And, I like to think, I’m not the only guy that’s like that in the world. I didn’t learn to develop a comfort for the opposite sex until after high school and even then I’m still a gooey, incredibly fragile and collapsible foundation of a nervous wreck covered with a slight awesome layer of Barney Stinson.
See I grew up on a diet of Hollywood romance where I believed, that once I developed that ability to not get tongue tied and talk about my mother, that conversation would be nothing but witty one-liners fraught with sexual tension.
But, for some reason, the scenarios that I work out in my head, don’t really translate well into real life.
And this is the guy that has done almost everything out of the book. I have hand-crafted epic first dates only for things to always fall through. I’m the guy that went around making poetry for girls, the guy that tried to hire a horse and carriage for the year 12 formal, the guy that joined a choir to specifically try to convince them to help me ask out a girl in the form of song.
For a first date with a girl I planned on taking her ice skating, then to the Melbourne Aquarium, then to a dinner at Crown and to cap it all off with going to a rooftop cinema. In the end, I got stood up.
Am I elaborate? Yes. Do I come off as a little creepy? Yes. Do I come off really strong? Definitely. And for everything else, there’s MasterCard.
I go to all this effort because, as a modern male, I’ve grown up on a strict diet of romantic comedies and being told that’s what women want.
But the thing is, barbershop quartets are expensive, sometimes the girl lives on the 16th story of a building and short of using a home-made lemon cannon you’re not going to be getting her attention late at night. Something you never really realise is that those elaborate situations are funded on the premise that the protagonists are incredibly successful and well-off people with just the right amount of time and money to do all that.
And it turns out doing elaborate romance ideas for cheap doesn’t really work out well. Just recently I went to go surprise a girl at her place, and I’m almost certain that if I had a team of choreographed dancers as well as a giant sign going “WILL YOU GO OUT WITH ME?” then my idea totally would have worked. But in the end, I ended up standing around alone in a car park with random backpackers shouting at me.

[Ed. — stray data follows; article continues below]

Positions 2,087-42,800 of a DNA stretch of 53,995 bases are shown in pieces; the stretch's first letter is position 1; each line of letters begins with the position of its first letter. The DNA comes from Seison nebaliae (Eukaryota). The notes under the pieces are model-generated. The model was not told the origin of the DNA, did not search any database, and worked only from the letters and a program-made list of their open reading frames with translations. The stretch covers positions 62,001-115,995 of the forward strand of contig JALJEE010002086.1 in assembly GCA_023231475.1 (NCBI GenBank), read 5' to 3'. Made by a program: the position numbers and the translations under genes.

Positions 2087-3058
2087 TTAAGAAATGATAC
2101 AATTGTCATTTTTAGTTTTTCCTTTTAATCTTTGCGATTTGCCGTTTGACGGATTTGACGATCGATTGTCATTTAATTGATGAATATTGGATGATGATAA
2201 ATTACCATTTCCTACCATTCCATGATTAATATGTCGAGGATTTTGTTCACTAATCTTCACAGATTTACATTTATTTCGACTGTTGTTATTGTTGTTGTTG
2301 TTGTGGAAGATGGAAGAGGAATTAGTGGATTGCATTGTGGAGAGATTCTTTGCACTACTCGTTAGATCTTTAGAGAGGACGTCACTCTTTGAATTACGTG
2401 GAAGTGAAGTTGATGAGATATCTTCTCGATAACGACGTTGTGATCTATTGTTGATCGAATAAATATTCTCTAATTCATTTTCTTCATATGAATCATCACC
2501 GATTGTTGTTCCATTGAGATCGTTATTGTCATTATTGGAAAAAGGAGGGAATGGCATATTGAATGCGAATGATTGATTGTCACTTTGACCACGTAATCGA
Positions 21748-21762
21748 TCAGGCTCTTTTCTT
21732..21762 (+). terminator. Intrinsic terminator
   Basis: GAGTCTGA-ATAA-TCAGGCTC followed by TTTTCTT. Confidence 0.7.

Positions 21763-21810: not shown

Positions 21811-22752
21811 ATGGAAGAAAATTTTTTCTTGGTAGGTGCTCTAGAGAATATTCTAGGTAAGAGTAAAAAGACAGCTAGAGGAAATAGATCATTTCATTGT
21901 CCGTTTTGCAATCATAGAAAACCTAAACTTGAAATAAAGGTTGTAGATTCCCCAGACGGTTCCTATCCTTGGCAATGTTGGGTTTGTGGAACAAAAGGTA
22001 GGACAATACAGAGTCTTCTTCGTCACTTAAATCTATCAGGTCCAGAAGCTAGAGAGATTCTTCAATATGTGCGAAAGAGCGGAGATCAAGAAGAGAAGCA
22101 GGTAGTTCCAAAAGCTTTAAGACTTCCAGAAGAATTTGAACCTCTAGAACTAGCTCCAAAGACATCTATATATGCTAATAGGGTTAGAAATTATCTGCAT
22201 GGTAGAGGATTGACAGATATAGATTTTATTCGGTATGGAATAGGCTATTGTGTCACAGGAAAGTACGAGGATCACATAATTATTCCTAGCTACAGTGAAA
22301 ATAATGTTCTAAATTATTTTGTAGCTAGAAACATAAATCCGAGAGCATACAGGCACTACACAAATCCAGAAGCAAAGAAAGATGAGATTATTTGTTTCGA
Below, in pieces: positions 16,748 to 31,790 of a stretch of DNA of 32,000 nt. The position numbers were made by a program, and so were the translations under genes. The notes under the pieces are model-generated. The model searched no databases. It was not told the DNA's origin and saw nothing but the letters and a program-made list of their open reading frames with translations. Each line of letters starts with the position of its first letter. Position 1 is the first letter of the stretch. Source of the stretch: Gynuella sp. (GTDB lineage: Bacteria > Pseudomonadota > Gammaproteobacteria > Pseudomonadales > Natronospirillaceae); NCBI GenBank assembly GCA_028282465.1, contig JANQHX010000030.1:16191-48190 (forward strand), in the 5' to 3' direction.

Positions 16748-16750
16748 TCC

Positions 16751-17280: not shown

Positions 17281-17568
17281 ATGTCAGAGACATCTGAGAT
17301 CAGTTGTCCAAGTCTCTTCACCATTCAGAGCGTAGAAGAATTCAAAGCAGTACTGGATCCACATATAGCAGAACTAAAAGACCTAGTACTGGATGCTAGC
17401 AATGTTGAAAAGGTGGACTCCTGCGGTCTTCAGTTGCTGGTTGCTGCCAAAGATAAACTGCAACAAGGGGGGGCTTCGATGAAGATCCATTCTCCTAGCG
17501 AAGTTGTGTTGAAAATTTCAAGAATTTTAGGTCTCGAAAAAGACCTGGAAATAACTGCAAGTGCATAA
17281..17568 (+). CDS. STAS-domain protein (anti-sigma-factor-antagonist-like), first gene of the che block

Some things just do not translate well from the screen to real life.
Just like how even cool guys look at explosions, or how waxing a car will not teach you karate, or how a quick shopping spree doesn’t end with you looking absolutely fabulous.
But that’s also a good thing for us socially awkward guys out there. You don’t have to be a smooth talking player in order to get the girl. Sometimes you can just be that nice guy who opens doors and pulls out chairs.
So I think it’s relatively safe to say that those giant elaborate gestures aren’t what women really want. Time and time again I’ve proven this, much to my chagrin. I mean there’s no reason why you shouldn’t, it certainly doesn’t hurt your chances. But in the end it’s not a pass or fail sort of thing. Love and romance itself isn’t going to get summed up in a neat hour and a half period where you crazy and hilarious misadventures happen and it all culminates with a kiss at the end.
When you like someone, and if you’re lucky enough for them to like you back. All it really takes is just some time and effort, flowers and chocolate never go out of style and being a gentleman never does either.
I’m a relatively simple guy. Still young and stupid with an incredibly skewed viewpoint on romance and love. Persisting still, because maybe one day I’ll find a girl who’ll find the things I do non-creepy and kind of dorkily cute.
Like, for example, leaving a hidden message in an article for someone because I’m hoping that the third time’s the charm. But in the end, maybe it takes lot more courage and a lot less effort, if you just be someone’s friend and perhaps, with a lot of luck, it all works out in the end. Rather than putting together the first words of each sentence on the previous paragraph.